Nigeria @ 61: Pastor Adeboye and the parody of a nation - OPID News

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Monday, 4 October 2021

Nigeria @ 61: Pastor Adeboye and the parody of a nation

 Nigeria @ 61: Pastor Adeboye and the parody of a nation

This columnist left Nigeria for the shore of Singapore in June 2005. It was (and still is) one of the cleanest cities in the world with a first-class taste of virtually everything one could desire. It was interesting and intriguing to discover within a month of my sojourn in the city-state to see the red and white colours of the Singapore’s national flag adorning houses virtually in every district one could turn to. Moreover, the trendy taxis reminiscent of the status of the city known for attracting tourists daily, were all beautified with an insignia bearing Singapore’s flag. What was in the offing? It was to signal the National Day of Singapore, celebrated with pomp and pageantry yearly on the 9th of August. My heart went back to my home country, Nigeria. I was momentarily sad. However, hope was rekindled in me that Nigeria will rise again and lead all other countries of Africa as the true giant of Africa, not in words but in tangible manifestations of real development. In 2009, this columnist transited in his sojourn in Asia to Malaysia for his doctorate degree in servant leadership and followership. The time of my arrival was incidentally or coincidentally about a month to the Independence Day of Malaysia (31st August). The Malaysians too, a la, Singaporeans were in a festive mood with a lot of displays of flags on vehicles and houses. Moreover, in both countries, about forty days to these notable days, the economy witnessed a boom with tourists pouring in as there are discounted sales of virtually every item in the major shopping malls of the two countries. Furthermore, traders organized themselves under tents around popular bus and train stations to display their wares at very discounted prices.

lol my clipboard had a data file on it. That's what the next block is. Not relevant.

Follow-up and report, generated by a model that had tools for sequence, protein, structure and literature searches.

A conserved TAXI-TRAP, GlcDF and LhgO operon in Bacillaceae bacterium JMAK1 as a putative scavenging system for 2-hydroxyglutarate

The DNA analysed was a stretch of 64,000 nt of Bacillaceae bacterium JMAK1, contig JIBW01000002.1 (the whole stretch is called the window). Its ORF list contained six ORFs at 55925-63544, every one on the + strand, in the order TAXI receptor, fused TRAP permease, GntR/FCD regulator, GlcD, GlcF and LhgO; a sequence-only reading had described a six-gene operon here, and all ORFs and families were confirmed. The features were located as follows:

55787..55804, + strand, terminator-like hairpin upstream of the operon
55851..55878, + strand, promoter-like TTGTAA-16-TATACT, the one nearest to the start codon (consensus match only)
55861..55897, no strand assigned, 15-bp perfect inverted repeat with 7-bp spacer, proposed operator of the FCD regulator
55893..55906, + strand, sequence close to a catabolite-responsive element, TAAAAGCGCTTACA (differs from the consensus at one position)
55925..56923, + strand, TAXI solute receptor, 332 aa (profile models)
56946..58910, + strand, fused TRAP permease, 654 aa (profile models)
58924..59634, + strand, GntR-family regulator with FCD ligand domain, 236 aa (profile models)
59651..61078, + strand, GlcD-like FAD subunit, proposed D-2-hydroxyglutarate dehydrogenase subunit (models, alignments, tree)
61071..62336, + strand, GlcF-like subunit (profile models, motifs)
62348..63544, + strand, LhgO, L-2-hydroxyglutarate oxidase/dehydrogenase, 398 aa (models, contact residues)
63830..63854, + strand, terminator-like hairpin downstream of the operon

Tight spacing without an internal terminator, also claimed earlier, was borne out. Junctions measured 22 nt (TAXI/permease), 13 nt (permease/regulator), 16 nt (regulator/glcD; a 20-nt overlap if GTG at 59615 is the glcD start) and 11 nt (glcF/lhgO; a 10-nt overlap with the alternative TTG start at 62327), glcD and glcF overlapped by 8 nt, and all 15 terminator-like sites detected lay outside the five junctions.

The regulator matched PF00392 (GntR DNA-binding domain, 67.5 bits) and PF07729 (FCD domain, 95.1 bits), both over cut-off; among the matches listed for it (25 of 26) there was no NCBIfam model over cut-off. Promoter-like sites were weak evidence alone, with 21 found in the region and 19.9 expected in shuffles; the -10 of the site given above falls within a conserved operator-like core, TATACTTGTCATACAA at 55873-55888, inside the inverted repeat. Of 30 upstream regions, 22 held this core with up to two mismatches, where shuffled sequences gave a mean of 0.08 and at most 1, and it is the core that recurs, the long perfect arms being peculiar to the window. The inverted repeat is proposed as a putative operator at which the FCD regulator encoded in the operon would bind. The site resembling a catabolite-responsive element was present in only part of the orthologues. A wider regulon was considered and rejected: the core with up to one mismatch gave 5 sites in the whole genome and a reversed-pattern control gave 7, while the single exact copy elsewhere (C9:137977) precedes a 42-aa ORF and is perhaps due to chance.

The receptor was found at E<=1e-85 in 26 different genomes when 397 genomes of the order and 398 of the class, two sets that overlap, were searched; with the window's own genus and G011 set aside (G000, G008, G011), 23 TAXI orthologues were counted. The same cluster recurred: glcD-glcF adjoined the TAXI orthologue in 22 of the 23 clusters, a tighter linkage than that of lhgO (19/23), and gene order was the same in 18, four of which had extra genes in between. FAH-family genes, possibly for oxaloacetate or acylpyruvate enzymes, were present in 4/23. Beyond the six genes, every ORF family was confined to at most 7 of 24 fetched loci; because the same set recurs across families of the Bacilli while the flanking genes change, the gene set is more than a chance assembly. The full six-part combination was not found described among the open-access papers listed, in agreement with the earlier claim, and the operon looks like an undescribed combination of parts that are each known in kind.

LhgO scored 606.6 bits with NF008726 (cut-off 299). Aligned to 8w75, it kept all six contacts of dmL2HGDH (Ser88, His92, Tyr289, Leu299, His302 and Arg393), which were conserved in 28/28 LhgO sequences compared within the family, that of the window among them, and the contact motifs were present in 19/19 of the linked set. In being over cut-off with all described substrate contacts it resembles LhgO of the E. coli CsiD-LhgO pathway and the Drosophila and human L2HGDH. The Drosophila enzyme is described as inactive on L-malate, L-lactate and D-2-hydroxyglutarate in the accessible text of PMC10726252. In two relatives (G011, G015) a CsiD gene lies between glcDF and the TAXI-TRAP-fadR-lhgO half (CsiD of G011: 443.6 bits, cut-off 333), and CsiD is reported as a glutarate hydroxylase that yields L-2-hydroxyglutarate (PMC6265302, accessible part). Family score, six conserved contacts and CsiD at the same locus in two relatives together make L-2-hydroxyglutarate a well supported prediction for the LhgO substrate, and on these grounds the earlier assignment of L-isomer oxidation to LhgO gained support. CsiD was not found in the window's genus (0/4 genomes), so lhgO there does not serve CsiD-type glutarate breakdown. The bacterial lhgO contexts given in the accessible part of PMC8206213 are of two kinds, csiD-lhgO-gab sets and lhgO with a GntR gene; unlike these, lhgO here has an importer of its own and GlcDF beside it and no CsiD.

Poser: Can an average Nigerian celebrate his or her country of birth like the Singaporeans and Malaysians? Is it worth it?

Nigeria: Any hope for a new dawn?

The trio: Malaysia, Nigeria and Singapore got their independence between 1957 and 1965. This columnist was told by an elder while sojourning in Malaysia that there was a time that Nigeria offered to help offset the wages of Malaysia’s civil servants for 6 months! That was the season of national pride when one of our leaders declared openly that Nigeria’s problem was not money but how to spend the money! What went wrong? It was apparent that while these two countries were planning and plotting greatness, Nigeria was playing, partying and prattling pompously to the parlous state in which we find ourselves in the 21st century.

One of Nigeria’s referred clerics, academic, and elder statesmen, Pastor Enoch Adejare Adeboye, who is also the General Overseer of the Redeemed Christian Church of God (RCCG) was a guest at the dual occasion of the commemoration of Nigeria’s 61st independence and Christian Association of Nigeria (CAN) 45th anniversary in Abuja where the Vice President, Professor Yemi Osinbajo, SAN, was present. In his introductory remark, the referred cleric stated he would not have accepted the invitation if he was told it was connected to the country’s independence celebration. The inquisitive Nigeria press should have seemingly ambushed Baba Adeboye to find out what was boggling his mind. Should we not celebrate our country’s birth? After all, Baba Adeboye once said that a time is coming that people from all over the world would be struggling to catch a glimpse of Nigeria’s passport that is presently being disdained at immigrant checkpoints of some advanced countries. Anyway, the renowned and referred cleric succinctly and saliently stated in his message that all hope was not lost in redeeming Nigeria. Or is it the case of hope deferred making the heart sick as it was scripted in the Holy Writ?

Pastor Adeboye’s Parody and Parable